I hate that I have to start getting ready for work in a few minutes, because this has turned out to be much better than I expected. Two thumbs up to Chris Tebbetts. I'm just worried about the ending. Rafe's instinct, when he's dug himself into a hole, is to keep making it deeper, because he feels like his efforts to climb out never accomplish much.   :-(


Although it's all from Rafe's POV and he isn't exactly the most reliable of narrators, I can totally imagine what most of the adult characters are thinking. Here's hoping Ms. Donatello's efforts pay off.

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text 2016-08-28 00:43
Reading progress update: I've read 94 out of 281 pages.
Middle School: The Worst Years of My Life - Laura Park,Chris Tebbetts,James Patterson

I got this at a conference a few years ago and decided it was finally time to read it.


Reading James Patterson's stuff is always an odd experience for me. I can't seem to help looking for the dividing line between Patterson's influence and his co-authors' writing (I just assume the co-authors did the bulk of the writing).


The first few chapters of this reminded me a bit too much of the awfulness that was The Dangerous Days of Daniel X, but thankfully Tebbetts appears to be better at this than Michael Ledwidge. Rafe, the main character, has switched to calling his Mom "Mom" rather than Jules and sounds less like an adult imitating a middle schooler. 


The illustrations are a nice touch. I don't like Leo, Rafe's best friend, though. Rafe doesn't seem to have realized his and Leo's game has him taking all the risks while Leo gets to sit back and be entertained.

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url 2016-01-14 20:29
2016 Young Adult Adaptations

Hello, everyone! Last month, I gathered a round-up of adaptation news from the past six to seven months that I had covered in my bookish rounds posts. The six to seven months was an arbitrary number, and I had missed some adaptation news in choosing that limit.

I had also, however, gotten a few things wrong. For one, I had originally written that The 5th Wave adaptation was releasing January 15th; a week later, I realized that the date was set at January 22nd. I edited the post, but it turns out that I wasn't the only one with a mistaken idea of the release date. One of my friends, only a week ago, said that she had seen something that said January 15th. I assured her it was the 22nd, but that was the last straw. Certainly, there are a number of articles about reading the book before you see the movie, yet some of them also include movies that don't have set release dates. I thought that it would be useful to create a calender infographic of the upcoming 2016 young adult and middle grade adaptations.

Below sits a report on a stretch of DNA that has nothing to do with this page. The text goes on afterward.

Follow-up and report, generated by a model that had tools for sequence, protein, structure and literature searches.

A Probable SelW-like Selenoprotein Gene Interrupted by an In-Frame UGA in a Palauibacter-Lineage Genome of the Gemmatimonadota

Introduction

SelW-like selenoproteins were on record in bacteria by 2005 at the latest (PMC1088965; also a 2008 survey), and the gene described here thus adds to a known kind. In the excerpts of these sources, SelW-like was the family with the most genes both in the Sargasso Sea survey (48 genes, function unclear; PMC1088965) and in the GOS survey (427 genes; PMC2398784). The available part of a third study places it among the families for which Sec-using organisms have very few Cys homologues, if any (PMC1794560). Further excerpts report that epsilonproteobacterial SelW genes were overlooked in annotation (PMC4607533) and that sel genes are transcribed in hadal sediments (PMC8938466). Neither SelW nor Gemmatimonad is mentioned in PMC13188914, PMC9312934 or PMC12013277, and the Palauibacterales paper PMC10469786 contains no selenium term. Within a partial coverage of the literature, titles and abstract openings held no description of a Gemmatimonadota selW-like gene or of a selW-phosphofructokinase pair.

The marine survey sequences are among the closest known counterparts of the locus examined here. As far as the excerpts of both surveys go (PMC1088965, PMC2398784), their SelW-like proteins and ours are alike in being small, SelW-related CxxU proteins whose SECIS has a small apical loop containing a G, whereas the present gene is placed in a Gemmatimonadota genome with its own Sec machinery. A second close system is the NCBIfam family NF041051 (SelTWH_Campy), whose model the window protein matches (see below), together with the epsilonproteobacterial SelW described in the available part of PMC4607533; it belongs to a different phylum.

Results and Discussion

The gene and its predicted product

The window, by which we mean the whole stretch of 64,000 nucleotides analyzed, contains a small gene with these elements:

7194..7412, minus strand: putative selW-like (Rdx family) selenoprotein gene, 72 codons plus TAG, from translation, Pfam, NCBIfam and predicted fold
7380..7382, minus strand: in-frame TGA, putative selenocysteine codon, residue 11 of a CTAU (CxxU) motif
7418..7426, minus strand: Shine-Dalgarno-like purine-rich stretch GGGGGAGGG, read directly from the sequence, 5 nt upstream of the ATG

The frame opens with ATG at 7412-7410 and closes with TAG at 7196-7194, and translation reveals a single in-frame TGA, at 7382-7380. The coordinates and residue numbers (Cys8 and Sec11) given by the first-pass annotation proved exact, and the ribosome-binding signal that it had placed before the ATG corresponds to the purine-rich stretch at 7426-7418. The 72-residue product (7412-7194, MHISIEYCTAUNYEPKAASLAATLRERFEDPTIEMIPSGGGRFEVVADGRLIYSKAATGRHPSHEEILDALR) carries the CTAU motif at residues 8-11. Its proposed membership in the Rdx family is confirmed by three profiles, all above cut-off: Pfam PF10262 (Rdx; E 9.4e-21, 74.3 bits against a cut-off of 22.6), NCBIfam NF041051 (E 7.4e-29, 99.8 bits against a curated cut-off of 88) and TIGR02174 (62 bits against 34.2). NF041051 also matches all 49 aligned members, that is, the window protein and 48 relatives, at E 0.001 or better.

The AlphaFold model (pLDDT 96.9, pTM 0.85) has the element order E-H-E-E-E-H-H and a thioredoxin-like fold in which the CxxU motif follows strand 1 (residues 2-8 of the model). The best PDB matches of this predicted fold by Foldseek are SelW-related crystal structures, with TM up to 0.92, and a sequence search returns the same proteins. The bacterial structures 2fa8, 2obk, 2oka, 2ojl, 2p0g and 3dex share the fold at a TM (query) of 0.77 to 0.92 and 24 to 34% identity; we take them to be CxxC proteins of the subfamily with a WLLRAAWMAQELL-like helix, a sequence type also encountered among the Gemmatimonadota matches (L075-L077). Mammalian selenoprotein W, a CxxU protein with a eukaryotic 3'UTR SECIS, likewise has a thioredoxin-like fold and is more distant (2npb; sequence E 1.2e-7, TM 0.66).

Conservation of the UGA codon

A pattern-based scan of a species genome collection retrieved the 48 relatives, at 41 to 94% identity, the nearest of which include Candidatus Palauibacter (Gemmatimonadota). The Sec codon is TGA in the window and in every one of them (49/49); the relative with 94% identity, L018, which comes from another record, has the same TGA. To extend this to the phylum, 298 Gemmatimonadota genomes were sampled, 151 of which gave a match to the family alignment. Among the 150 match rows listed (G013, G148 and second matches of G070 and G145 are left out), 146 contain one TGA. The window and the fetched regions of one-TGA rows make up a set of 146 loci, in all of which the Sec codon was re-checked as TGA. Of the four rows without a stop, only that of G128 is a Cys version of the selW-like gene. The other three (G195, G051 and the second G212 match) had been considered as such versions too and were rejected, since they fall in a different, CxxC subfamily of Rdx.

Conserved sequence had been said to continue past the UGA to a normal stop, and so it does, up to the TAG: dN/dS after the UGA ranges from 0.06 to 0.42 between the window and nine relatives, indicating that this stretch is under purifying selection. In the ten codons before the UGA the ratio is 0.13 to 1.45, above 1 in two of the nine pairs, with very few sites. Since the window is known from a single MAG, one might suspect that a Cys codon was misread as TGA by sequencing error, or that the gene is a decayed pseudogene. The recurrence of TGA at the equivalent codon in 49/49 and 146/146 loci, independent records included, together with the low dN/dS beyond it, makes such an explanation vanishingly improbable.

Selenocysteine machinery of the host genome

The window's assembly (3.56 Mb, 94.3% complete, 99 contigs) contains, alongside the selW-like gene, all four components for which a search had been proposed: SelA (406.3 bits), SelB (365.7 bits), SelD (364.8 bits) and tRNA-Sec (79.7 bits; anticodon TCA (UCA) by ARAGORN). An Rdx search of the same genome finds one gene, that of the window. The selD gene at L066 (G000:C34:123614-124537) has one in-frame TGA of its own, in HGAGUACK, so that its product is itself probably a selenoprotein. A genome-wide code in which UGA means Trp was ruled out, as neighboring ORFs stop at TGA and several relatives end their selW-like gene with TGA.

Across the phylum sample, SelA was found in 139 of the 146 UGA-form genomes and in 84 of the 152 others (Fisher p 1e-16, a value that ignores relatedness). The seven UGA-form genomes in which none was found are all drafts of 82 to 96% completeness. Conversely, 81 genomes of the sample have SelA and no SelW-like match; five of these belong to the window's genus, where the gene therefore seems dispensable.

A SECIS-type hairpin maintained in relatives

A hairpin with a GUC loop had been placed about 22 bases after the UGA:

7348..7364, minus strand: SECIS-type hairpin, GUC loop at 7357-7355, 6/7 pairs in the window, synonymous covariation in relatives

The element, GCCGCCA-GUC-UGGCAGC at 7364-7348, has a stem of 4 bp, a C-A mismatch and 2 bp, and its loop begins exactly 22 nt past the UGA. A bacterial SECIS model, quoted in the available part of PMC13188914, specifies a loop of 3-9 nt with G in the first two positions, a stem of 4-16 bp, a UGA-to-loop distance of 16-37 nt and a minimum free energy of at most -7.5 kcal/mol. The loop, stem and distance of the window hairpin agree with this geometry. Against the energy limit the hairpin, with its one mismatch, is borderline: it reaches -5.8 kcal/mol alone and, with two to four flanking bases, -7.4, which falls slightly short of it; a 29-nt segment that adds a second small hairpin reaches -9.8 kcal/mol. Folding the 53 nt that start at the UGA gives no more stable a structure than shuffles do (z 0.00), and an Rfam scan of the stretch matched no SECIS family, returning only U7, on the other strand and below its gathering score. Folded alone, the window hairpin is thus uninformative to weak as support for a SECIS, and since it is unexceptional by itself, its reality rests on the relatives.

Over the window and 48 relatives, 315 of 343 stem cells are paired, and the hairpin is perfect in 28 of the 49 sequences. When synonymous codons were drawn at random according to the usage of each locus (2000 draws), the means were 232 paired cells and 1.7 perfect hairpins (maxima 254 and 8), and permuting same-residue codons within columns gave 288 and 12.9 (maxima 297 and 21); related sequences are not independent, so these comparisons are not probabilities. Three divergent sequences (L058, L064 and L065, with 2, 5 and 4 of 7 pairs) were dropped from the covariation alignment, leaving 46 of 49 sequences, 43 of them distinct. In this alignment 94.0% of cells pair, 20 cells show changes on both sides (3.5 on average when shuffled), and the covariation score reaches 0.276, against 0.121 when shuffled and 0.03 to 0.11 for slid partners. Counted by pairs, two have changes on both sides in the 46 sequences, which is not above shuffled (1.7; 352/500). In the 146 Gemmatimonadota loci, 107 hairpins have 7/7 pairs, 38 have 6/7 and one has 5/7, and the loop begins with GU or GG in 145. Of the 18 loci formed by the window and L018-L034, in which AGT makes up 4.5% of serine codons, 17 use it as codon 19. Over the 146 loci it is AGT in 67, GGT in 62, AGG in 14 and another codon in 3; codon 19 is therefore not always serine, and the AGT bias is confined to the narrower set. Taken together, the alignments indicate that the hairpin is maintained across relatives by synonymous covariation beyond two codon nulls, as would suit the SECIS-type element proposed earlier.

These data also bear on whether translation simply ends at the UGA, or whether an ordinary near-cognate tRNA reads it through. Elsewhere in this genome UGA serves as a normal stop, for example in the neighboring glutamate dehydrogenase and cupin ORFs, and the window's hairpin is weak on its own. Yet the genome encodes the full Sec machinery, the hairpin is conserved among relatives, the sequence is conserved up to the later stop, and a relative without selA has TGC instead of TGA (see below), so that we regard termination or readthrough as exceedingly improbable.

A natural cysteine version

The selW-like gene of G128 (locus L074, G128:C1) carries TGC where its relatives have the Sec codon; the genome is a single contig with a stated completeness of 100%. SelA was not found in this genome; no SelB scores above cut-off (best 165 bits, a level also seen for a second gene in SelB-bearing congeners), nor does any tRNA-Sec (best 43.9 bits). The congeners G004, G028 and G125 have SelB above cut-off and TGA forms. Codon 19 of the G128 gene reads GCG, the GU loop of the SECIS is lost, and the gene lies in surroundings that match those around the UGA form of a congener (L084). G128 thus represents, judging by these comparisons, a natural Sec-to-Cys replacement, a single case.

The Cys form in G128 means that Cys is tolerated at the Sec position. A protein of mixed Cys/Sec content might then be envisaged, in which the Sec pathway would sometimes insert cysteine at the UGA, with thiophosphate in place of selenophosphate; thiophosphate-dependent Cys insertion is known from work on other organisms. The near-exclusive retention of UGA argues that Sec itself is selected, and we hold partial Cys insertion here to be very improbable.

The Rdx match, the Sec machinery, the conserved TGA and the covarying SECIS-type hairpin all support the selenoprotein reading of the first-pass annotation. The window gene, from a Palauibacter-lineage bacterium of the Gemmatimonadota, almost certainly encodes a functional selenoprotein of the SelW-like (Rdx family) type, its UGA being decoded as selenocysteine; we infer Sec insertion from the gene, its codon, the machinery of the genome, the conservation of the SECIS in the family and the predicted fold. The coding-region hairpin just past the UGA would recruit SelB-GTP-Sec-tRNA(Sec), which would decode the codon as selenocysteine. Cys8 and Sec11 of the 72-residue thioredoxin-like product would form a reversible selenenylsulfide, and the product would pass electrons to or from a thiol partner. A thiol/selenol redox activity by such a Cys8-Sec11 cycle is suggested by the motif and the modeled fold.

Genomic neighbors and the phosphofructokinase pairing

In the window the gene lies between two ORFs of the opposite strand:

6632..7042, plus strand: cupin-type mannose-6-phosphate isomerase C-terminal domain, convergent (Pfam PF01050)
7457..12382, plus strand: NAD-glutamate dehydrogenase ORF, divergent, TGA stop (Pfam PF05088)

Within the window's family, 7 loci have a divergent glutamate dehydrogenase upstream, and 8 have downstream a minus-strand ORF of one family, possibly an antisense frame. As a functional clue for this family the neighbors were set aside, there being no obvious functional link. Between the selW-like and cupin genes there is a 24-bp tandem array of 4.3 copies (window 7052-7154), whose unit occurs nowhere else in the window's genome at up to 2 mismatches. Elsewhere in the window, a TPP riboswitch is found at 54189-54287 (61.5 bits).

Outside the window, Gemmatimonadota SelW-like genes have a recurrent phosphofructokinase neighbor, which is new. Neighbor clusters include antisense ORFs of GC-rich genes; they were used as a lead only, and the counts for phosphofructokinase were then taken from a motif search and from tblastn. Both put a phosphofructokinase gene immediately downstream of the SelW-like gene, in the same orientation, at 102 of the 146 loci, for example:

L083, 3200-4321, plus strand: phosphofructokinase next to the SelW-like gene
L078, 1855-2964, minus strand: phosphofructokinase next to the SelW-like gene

*Note: Not all of these are strictly Young Adult adaptations -- some are more "kidlit" (e.g. The Little Prince, Tuck Everlasting, etc.) and some had franchises in MG/YA but may not be anymore (e.g. Harry Potter & Cursed Child, Fantastic Beasts, etc.), but I thought that all would be relevant to the YA community.

And for the rest....
A Calender of 2016 Young Adult and Middle Grade
Adaptations. Click to enlarge the image.
*For these movies, the release date is listed as 2016, but the actual date has not been confirmed. Whether they will actually be released this year is yet to be determined.
*Can't make a calender of adaptations without nodding to the successful ones that are still running!
*Note: Since Alex Skarsgård is playing Tarzan and has bulked up for the role, I figured that his character was probably not meant to be like the Disney version anymore.
If you're wondering where I got all this information from, again last month, I gathered a round-up of adaptation news from the past six to seven months that I had covered in my bookish rounds posts. Those posts have all the links to trailers, posters, etc.
So those are the 2016 young adult and middle grade adaptations! (Or at least “relevant to the YA/MG community” since HP & Cursed Child, & Fantastic Beasts may not be technically YA/MG). Which ones will you be watching / seeing this upcoming year? Are you going to withhold your judgment on others? Let me know!